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A Journal on Anesthesiology, Resuscitation, Analgesia and Intensive Care
Minerva Anestesiologica 2009 January-February;75(1-2):37-45
Xenon: recent developments and future perspectives
Derwall M., Coburn M., Rex S., Hein M., Rossaint R., Fries M.
Department of Anesthesiology, University Hospital Aachen, RWTH Aachen, Germany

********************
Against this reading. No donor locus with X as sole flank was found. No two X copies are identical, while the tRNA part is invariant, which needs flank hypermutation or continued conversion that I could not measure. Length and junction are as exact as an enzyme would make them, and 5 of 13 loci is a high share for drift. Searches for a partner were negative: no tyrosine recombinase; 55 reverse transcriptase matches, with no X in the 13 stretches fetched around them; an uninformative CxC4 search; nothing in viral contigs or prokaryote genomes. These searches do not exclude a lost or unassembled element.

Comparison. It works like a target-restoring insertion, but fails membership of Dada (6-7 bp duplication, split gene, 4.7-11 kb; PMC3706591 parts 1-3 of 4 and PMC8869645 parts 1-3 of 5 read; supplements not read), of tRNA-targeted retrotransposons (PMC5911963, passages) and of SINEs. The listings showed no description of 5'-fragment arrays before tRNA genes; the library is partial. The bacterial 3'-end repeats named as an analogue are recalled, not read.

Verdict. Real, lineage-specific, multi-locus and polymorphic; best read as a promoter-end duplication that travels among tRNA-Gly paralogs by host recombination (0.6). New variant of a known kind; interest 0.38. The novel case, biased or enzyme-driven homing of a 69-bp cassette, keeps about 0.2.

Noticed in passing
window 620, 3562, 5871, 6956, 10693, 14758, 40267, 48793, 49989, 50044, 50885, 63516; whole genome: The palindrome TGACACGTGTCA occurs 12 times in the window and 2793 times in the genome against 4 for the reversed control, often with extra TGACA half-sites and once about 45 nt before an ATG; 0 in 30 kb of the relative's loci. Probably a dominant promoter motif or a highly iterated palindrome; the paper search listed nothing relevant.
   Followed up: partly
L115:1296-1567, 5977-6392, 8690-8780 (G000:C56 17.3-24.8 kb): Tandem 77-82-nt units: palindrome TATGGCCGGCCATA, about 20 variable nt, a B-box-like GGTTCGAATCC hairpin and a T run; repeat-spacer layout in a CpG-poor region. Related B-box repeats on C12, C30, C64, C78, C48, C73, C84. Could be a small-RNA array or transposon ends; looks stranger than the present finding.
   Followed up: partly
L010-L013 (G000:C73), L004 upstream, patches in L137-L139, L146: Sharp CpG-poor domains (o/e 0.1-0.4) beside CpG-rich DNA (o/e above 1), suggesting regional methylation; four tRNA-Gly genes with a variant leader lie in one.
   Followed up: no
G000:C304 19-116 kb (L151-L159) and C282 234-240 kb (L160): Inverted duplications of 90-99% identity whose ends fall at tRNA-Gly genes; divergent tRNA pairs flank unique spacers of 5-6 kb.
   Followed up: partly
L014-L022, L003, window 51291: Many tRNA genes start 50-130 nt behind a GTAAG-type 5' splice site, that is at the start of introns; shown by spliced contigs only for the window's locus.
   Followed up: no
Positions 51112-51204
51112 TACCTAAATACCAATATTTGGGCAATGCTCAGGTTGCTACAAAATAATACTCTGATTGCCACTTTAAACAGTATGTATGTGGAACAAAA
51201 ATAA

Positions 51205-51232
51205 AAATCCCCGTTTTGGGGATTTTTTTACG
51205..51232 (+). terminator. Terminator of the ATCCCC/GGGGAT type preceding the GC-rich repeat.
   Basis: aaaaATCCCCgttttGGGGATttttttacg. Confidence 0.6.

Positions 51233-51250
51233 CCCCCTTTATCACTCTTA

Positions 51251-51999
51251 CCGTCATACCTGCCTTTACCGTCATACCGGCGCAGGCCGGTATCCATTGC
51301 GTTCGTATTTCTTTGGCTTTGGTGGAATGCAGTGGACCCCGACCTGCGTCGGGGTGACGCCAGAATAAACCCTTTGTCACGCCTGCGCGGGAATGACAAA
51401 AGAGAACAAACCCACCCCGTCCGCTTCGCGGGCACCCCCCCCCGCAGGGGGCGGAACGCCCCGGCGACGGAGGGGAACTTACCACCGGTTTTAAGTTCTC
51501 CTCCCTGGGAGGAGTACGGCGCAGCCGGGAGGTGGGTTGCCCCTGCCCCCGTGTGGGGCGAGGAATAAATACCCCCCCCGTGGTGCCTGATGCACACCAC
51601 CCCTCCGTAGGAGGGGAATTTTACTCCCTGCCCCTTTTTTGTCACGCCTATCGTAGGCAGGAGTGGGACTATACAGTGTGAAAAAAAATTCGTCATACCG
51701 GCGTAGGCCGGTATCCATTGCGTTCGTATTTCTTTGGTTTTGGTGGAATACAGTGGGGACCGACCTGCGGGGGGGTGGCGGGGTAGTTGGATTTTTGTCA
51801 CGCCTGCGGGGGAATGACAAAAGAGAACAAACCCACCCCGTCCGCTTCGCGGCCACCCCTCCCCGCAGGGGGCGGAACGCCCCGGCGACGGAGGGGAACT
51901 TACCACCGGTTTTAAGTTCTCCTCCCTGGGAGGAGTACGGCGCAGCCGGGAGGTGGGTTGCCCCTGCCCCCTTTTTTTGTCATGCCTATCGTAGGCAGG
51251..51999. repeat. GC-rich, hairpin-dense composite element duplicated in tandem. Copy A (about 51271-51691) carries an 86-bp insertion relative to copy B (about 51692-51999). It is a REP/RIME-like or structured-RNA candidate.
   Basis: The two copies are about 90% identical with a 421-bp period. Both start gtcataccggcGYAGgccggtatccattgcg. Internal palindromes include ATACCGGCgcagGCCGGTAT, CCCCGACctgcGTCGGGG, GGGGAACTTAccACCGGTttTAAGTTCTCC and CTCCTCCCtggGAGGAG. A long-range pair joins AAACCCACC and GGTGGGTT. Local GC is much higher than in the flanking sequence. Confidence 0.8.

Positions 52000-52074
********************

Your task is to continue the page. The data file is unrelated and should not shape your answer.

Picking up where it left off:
The noble gas xenon exerts favorable anesthetic properties along with remarkable hemodynamic stability in healthy patients undergoing elective surgery. Recent investigations documented that it does not prolong the duration of widely used neuromuscular blocking agents, including mivacurium and rocuronium. Some studies also suggest reduced neurocognitive compromise in the very early phase after general anesthesia. These properties differ from those observed for conventional inhalational anesthetics like isoflurane, desflurane and sevoflurane. However, a wider use of xenon in daily clinical routine has been limited owing to its higher price and technical restraints regarding economic delivery. Although there are controversial opinions, xenon seems to exert its main anesthetic features via the glutamate receptor. Recently, a novel binding cavity on the NMDA-subtype glutamate receptor has been elucidated that is occupied by xenon as well as isoflurane. Studies utilizing advanced imaging technologies have furthermore revealed that xenon markedly suppresses cerebral blood flow and glucose metabolism in distinct regions of the human brain. These investigations promise to further the understanding of the basic mechanisms underlying the induction and maintenance of anesthesia in general. Results from in vitro studies and various animal models have consistently demonstrated organoprotective properties of xenon, mainly in settings of ischemia and reperfusion injury. Interestingly, these effects have frequently been observed at subanesthetic concentrations and seem to be synergistic when used in combination with therapeutic hypothermia. Future studies will have to prove whether the high costs of xenon administration might be outweighed by its ability to substantially reduce the sequelae of myocardial and cerebral ischemia.